Hanoi, 19 January 2016 – The Promoting Land Rights for Ethnic Minority People in Vietnam project was launched today by the Delegation of the European Union (EU) to Vietnam, CARE International in Vietnam and Culture Identity and Resource Use Management (CIRUM) with the participation of Deputy Head of Cooperation, Delegation of the European Union to Vietnam Thomas Anthony Corrie, Deputy Director of Forestry Development Department, Vietnam Administration of Forestry (VAF) Quach Dai Ninh, Politburo Member and President of the Vietnam Fatherland Lu Van Que, Vice Chairman of Ethnic Council of the National Assembly Giang A Chu, Director of Ethnic Minority Policy Department at Committee for Ethnic Minorities Affairs (CEMA), and other national and local stakeholders.
With financial support of more than EURO 650,000 (approximately USD 700,000) from the EU, the project will be executed from Jan 2016 to Dec 2018 by CARE International in Vietnam and CIRUM in close collaboration with VAF in six provinces of Lao Cai, Lang Son, Nghe An, Ha Tinh, Quang Binh, and Kon Tum. About eight million people from different ethnic minority groups will be beneficiaries of the amendment of Law on Forest Protection and Development and other policies and good practices recommended by the project. Those are chronic poor, depended overwhelmingly on upland agricultural forests for the livelihoods and spiritual and cultural identity, food insecure, lack of economic opportunities, live in remote areas, facing language and literacy barriers, and are excluded from decision making, in particular women and girls.
The overall objective of the project is to contribute to the protection and promotion of ethnic minority peoples’ rights to community forest lands. The project will enhance the forest land use effectiveness in the Northern, Central coast and Central Highland regions of Vietnam, considering the access to information and land use of ethnic minority people to the community forest lands. These will be later informed and included in the consideration for improvement of the forthcoming amendment of the Law on Forest Protection and Development.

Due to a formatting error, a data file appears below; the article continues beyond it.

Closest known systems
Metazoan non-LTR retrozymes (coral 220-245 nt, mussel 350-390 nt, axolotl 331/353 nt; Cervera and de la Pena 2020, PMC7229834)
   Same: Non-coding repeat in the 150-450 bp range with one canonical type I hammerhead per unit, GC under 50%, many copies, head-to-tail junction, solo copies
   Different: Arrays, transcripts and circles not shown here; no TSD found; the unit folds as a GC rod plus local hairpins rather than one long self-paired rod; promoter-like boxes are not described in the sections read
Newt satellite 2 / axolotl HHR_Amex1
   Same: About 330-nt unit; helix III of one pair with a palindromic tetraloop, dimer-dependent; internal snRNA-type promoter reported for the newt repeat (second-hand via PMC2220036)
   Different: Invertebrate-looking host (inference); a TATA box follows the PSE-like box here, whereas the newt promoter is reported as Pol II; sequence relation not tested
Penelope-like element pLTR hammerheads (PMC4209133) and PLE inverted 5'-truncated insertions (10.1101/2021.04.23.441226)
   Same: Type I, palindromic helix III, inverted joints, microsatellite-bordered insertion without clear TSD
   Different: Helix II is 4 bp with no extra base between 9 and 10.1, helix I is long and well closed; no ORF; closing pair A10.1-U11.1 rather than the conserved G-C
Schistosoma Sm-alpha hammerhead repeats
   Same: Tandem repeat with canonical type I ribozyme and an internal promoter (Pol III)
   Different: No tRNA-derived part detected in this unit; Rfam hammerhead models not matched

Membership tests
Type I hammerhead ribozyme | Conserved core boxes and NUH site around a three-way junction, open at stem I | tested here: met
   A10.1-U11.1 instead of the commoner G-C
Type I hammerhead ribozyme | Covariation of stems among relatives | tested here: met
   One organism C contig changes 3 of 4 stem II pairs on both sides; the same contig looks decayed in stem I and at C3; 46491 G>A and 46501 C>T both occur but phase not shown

The poverty rate amongst ethnic minorities in Vietnam is considerably higher than the country’s average. Research has repeatedly demonstrated that the primary contributor to chronic poverty in Vietnam is the lack of access to productive land. Over two thirds of people from ethnic minorities, who depend overwhelmingly on agriculture and forest use for their livelihoods, live under the poverty line. At the same time, they are facing a lot of difficulties due to population pressure, degraded forest and reduced forestry land per capita, and natural resource exhaustion. Poor management and ineffectiveness of forest land use, lack of formal access to forest land and lack of recognition of the efficacy of traditional community forest management are several of the reasons.
Current land an forest policies have allowed communities to apply for certificates over communal land. They provide opportunity for the assignment of forest land to village population communities if, among other criteria, those communities share customs, practices and traditions. In practice, ethnic minority people’s access to land is impeded by a combination of limited formal tenure, the allocation of forest land to state and private enterprises, and lack of recognition of the efficacy of traditional community forest management. In this context, advocating for an enabling policy environment in forest land governance is crucial, so that ethnic minority people will have effective access to and control over community forest land, their rights to community forest land are, therefore, protected and promoted.
- Community forest land protection and management: new opportunities for ethnic minorities in Vietnam
- Enhancing ethnic minority women’s position in the coffee value chain
- Vietnam’s Law on Access to Information: an opportunity to narrow information gap among ethnic minorities
- A new project to support livelihood and adaptation to climate change for ethnic minority farmers
- Breaking the silence around gender based violence among ethnic minority communities in Dien Bien